09 October 2008

On Panic and an Opportunity in the Midst of Crisis

"Can't you understand what's happening here?" George Bailey says in "It's a Wonderful Life," as the crowd gathers in the Bailey Brothers Building and Loan to make a run on their accounts.

"Don't you see what's happening? Potter isn't selling. Potter's buying! And why? Because we're panicky and he's not. That's why. He's pickin' up some bargains. Now, we can get through this thing all right. We've, we've got to stick together, though. We've got to have faith in each other."

The scene ends with the financial wizards of the BBB&L toasting the last two dollars they have before closing time. Hope springs eternal, even in the worst of times.

I kept thinking of that scene during the past few weeks and, while there are comparisons to that earlier era, the "Debtpression" is different from the Depression. And while the seemingly socialist tools of nationalizing banks and credit institutions seems like a "New Deal," I don't think it is the answer and may end up being a raw deal.

We need to rethink the whole premise of our economy and of what growth looks like, and what our country is built upon. For far too long, our economy has been built on unsustainable growth, and greed.

When housing starts are the bell-weather of growth and consumption fuels the GDP, what do we expect? What do you do when new housing slows down? Make loans more available to those who can't really afford the mortgage you're selling. And extend their credit so they can buy more things to fill up those houses. How long could that have gone on?

We need to rethink the foundational elements of our growth. Why can't growth be equivalent to healthy communities, to greater efficiency, and improved and better uses of existing infrastructure? Why can't our economy be built on sustainable innovations?

Fred Wilson of Union Square Ventures and author of the popular blog, A VC, wrote today about the effects of the economic downturn on his portfolio companies. And (pardon me Fred if I've misinterpreted) it seems that he actually finds opportunity for these companies in the challenging times we're facing.

He writes, "Much has been written about how the 'nuclear winter' of 2001-2003 led to many of the innovations we've been tapping into since. Clearly the capital efficiency revolution was fanned in the nuclear winter. When capital is scarce, smart people figure out how to do more with less. So first and foremost, let's all take advantage of this capital efficiency to get our costs down and build businesses with even more operating leverage. And hopefully there are new tricks out there that we can use to get even more capital efficient."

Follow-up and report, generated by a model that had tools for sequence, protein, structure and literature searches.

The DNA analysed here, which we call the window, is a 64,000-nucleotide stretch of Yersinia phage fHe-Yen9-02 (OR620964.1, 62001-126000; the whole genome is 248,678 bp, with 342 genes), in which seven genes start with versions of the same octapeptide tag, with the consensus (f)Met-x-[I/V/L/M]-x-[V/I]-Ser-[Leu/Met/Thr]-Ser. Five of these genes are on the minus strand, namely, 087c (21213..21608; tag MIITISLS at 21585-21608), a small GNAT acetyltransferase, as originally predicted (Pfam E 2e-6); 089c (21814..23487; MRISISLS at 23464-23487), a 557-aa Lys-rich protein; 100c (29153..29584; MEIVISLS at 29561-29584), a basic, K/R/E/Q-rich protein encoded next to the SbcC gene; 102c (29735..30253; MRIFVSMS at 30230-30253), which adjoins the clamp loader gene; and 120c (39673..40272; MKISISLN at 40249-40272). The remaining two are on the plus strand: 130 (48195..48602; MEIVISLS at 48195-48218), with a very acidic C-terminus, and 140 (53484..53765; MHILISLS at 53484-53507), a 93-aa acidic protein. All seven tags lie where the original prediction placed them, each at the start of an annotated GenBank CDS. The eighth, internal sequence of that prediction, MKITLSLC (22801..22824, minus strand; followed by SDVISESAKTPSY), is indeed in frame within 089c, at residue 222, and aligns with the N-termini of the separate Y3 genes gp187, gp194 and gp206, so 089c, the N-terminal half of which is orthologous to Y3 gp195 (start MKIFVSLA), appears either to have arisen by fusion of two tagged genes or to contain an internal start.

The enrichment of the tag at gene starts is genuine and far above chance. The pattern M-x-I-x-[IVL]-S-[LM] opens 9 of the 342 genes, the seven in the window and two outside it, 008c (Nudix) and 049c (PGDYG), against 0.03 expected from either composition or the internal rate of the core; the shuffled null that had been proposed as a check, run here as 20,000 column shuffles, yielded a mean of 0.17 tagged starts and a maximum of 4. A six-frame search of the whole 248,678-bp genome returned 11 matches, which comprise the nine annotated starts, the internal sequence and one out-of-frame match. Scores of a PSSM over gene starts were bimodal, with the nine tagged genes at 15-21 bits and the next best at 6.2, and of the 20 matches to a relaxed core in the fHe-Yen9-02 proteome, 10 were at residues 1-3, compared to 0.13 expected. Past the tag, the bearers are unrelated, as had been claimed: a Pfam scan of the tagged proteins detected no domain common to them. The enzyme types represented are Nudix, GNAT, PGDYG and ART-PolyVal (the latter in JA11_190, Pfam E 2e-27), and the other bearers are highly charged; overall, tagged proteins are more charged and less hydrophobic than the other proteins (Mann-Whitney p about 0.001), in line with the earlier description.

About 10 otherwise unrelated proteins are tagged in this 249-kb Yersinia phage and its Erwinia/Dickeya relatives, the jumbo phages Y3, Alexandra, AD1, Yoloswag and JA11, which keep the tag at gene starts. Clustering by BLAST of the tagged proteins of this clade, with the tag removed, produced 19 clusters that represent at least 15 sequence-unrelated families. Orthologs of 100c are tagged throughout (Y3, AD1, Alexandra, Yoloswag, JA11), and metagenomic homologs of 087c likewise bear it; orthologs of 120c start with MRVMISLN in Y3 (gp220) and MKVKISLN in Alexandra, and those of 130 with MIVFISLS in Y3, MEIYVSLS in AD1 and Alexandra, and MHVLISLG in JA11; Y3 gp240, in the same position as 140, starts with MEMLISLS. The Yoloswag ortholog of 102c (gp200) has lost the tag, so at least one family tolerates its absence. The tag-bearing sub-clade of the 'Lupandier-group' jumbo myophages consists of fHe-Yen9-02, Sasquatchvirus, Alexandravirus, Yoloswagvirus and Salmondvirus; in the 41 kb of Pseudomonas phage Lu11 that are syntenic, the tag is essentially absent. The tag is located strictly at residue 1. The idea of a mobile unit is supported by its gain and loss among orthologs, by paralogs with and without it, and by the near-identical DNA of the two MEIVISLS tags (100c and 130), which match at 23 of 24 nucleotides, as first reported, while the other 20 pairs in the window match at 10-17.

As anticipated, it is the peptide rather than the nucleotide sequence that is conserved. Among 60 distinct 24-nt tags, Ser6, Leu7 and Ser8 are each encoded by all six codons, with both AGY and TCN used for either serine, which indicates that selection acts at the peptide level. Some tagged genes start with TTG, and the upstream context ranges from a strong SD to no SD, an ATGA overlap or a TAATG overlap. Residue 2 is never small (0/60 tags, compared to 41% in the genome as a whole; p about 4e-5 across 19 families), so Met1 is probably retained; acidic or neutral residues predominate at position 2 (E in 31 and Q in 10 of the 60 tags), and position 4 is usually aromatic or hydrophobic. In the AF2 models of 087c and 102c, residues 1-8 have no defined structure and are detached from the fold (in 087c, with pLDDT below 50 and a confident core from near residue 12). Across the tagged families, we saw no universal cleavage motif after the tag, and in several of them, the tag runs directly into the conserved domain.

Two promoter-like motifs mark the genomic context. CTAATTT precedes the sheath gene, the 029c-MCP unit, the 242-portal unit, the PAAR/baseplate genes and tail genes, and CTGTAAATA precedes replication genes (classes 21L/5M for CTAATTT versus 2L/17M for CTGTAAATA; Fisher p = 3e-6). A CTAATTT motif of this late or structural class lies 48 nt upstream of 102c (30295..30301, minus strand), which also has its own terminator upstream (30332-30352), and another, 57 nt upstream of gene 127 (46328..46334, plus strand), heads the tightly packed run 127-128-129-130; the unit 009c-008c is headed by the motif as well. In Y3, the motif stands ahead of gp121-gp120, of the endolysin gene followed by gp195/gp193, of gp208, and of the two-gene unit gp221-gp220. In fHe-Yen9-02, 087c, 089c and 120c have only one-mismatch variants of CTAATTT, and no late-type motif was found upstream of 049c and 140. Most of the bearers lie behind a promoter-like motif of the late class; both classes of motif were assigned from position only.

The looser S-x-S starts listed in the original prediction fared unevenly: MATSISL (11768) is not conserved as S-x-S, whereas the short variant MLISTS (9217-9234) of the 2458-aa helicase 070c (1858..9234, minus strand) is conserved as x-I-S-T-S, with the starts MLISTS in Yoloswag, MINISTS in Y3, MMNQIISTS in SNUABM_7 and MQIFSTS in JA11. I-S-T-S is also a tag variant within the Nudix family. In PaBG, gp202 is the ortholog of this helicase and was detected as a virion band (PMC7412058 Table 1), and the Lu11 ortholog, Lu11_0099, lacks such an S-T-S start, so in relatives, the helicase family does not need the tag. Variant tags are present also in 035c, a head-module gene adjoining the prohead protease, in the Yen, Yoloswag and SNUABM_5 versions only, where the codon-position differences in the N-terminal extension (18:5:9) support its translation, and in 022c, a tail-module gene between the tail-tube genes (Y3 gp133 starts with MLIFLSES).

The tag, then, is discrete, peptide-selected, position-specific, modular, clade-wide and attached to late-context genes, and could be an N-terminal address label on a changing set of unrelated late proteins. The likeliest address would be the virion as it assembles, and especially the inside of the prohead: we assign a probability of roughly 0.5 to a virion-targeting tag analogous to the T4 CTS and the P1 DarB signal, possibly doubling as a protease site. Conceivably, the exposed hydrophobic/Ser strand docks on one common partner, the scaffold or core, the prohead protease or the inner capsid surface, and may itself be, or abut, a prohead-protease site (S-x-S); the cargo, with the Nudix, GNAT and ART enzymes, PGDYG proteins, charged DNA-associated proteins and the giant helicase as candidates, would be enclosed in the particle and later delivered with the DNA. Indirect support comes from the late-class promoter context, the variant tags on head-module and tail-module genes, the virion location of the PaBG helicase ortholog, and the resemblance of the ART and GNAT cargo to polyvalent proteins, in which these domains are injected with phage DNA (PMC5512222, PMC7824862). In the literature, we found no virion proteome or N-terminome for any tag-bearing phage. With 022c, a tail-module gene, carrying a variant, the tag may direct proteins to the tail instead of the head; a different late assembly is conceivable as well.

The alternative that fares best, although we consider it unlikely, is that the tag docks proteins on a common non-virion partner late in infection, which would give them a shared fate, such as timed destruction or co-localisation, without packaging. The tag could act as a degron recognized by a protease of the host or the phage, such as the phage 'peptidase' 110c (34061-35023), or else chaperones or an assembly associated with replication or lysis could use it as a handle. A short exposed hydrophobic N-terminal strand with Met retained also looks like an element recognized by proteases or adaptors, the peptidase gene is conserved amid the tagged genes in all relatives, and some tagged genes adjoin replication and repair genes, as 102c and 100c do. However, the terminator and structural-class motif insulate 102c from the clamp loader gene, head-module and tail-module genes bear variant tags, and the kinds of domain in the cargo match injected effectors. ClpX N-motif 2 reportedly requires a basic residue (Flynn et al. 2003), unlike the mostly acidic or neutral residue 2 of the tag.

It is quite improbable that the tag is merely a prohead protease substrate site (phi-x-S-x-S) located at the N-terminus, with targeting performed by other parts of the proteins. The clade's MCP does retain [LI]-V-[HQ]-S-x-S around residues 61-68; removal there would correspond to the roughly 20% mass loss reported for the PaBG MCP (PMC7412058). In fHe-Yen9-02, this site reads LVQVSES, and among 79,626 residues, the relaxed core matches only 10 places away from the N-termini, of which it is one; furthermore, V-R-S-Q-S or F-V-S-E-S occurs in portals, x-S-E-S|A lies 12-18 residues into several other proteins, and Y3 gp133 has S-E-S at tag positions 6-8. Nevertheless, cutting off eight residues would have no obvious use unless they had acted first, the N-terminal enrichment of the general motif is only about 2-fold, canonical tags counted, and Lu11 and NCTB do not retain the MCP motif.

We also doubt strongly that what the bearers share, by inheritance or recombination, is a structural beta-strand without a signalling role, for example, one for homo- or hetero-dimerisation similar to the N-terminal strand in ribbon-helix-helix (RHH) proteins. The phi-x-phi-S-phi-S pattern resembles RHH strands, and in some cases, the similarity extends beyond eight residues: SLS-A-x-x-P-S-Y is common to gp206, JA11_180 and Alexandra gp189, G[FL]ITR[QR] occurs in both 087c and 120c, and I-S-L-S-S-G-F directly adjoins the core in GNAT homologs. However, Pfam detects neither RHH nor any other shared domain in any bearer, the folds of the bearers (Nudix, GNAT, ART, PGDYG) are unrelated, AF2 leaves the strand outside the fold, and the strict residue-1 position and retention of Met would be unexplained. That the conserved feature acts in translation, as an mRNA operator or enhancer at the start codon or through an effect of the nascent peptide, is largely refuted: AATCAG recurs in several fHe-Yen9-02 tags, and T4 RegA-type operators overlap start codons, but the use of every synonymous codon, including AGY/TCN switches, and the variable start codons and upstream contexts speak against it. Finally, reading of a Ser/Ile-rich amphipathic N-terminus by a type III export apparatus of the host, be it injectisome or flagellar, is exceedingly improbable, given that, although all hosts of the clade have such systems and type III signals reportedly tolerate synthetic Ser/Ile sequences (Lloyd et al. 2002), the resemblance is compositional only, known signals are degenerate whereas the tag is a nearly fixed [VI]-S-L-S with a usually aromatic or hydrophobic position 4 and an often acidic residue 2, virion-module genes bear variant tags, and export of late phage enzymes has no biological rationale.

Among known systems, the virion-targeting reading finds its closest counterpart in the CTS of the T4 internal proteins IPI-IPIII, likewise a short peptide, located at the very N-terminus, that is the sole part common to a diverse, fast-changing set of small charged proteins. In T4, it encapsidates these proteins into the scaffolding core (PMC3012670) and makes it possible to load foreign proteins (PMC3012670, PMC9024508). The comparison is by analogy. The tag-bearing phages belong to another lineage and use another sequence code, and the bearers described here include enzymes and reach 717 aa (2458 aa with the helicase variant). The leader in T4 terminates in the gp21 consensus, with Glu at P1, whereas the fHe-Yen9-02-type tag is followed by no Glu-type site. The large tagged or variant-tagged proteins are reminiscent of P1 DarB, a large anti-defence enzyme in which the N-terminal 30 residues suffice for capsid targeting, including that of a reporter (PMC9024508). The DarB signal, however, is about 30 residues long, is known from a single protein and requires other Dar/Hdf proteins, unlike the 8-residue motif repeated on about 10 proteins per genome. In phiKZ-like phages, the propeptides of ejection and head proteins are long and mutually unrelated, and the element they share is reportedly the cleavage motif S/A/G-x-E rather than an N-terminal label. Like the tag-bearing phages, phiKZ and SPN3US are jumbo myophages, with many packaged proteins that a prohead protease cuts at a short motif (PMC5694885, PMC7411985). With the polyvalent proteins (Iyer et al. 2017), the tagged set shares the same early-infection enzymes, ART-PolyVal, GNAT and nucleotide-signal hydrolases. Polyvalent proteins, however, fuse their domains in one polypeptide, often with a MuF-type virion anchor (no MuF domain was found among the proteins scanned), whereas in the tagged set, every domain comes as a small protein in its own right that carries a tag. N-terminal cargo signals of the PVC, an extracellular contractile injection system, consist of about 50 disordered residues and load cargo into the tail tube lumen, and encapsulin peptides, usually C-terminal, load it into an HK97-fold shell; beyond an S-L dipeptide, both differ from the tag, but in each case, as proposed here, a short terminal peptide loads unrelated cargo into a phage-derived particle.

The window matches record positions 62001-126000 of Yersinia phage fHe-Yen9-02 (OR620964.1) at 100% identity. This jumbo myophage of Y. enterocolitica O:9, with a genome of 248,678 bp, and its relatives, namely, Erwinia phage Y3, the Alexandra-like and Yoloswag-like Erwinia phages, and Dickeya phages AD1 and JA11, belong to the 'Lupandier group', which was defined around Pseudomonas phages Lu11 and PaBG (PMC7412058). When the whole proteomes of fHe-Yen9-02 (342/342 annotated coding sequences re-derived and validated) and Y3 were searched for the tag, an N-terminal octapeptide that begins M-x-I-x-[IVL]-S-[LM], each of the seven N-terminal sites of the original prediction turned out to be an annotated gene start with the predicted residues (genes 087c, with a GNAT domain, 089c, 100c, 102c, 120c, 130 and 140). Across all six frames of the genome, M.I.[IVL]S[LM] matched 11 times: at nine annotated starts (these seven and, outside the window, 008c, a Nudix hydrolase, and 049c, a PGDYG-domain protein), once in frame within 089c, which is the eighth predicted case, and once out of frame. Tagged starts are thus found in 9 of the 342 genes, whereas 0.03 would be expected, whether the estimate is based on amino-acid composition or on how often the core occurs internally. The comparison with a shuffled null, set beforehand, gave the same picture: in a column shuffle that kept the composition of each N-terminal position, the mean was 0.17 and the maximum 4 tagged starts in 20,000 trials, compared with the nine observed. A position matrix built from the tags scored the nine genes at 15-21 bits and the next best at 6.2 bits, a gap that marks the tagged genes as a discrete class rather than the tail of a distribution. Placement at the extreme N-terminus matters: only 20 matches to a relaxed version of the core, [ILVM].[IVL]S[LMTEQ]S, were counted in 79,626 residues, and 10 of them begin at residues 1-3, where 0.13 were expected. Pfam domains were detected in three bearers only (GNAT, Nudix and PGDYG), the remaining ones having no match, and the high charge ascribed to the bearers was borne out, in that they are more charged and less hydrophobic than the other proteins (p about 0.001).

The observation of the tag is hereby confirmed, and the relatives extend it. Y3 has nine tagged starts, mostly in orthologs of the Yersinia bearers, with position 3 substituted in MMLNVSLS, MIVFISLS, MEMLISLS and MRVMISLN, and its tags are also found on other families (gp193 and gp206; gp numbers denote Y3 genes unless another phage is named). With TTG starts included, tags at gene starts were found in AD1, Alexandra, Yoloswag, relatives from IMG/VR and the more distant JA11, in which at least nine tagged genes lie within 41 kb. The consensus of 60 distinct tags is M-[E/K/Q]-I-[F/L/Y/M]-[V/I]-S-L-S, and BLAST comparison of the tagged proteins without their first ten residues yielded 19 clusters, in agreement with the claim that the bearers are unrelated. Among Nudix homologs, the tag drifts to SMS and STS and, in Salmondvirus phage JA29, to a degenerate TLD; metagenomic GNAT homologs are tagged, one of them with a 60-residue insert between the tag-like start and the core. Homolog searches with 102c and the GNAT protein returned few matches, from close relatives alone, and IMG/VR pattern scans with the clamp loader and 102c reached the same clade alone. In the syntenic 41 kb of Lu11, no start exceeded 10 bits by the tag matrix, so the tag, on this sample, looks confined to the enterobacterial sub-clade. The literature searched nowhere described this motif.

Gregor Macdonald, an oil analyst and energy sector investor, who also focuses on the coming transition to alternatives, seems to share this view of a leaner, more efficient financial engine.

"What’s needed now is a flowering of smaller investment banks and private equity, to fund the next wave," he writes on his blog Gregor.us. "The financial landscape should become 6 inches high, and 3000 miles wide. We are going to have to cut in the opposite direction, from the current consolidation in US banking. And it will take time. But I think what the country needs is to see a lively investment community in all major cities. Not just New York and Silicon Valley."

Greater capital efficiency and more dispersed investment community. Lean business models and more operating leverage. Sounds more sustainable.

I can't help thinking that out of this crisis -- if we can avoid the noise and abject panic -- can come a new path; a second chance, really. A path that is fundamentally about triple-bottom value creation, where profits are good, but so is people and the planet.

And I keep thinking, as I know Gregor does, that the three areas crying out for investment and that could provide a foundation for a new economy are energy, infrastructure, and new financial service models. Really, a new green economy.

"We invested in the wrong things," Gregor writes. "We invested in the wrong infrastructure. We invested in things that are now paying us little, in the way of return. I’m certain a new era dawns for energy and finance. The investment failures of this decade have likely made the ground fertile, to make it happen."

So, I'm trying to pay attention to a different kind of noise right now -- although it has been tough. It's a bunch of conversations, dialogues, monologues, and even rants by people a lot smarter than me in this arena. It's happening in a community that has a gathered on services like Twitter and StockTwits and Disqus. And it's a more hopeful noise. Concerned, yes, but already beginning to think about what happens post-panic.

As Andy Swan put it in his blog tonight, starting to move from despair to opportunity:
Despair : Opportunity

Fully Invested : Cash Heavy
Short Term : Long Term
Employee : Entrepreneur
Noise : Vision

STOP leveraging your bottom-calls.
STOP thinking in terms of next week or next month.
STOP just being an employee.
STOP listening to the noise.

START raising money.
START thinking about 2012
START thinking (and working) like you own the place


To which, I can only reply (and did), "Amen, brother."

We can get through this thing all right, as George Bailey told the investors of BBB&L. We've, we've got to stick together, though, have faith in each other, and stay focused on a vision and a plan for 2012.

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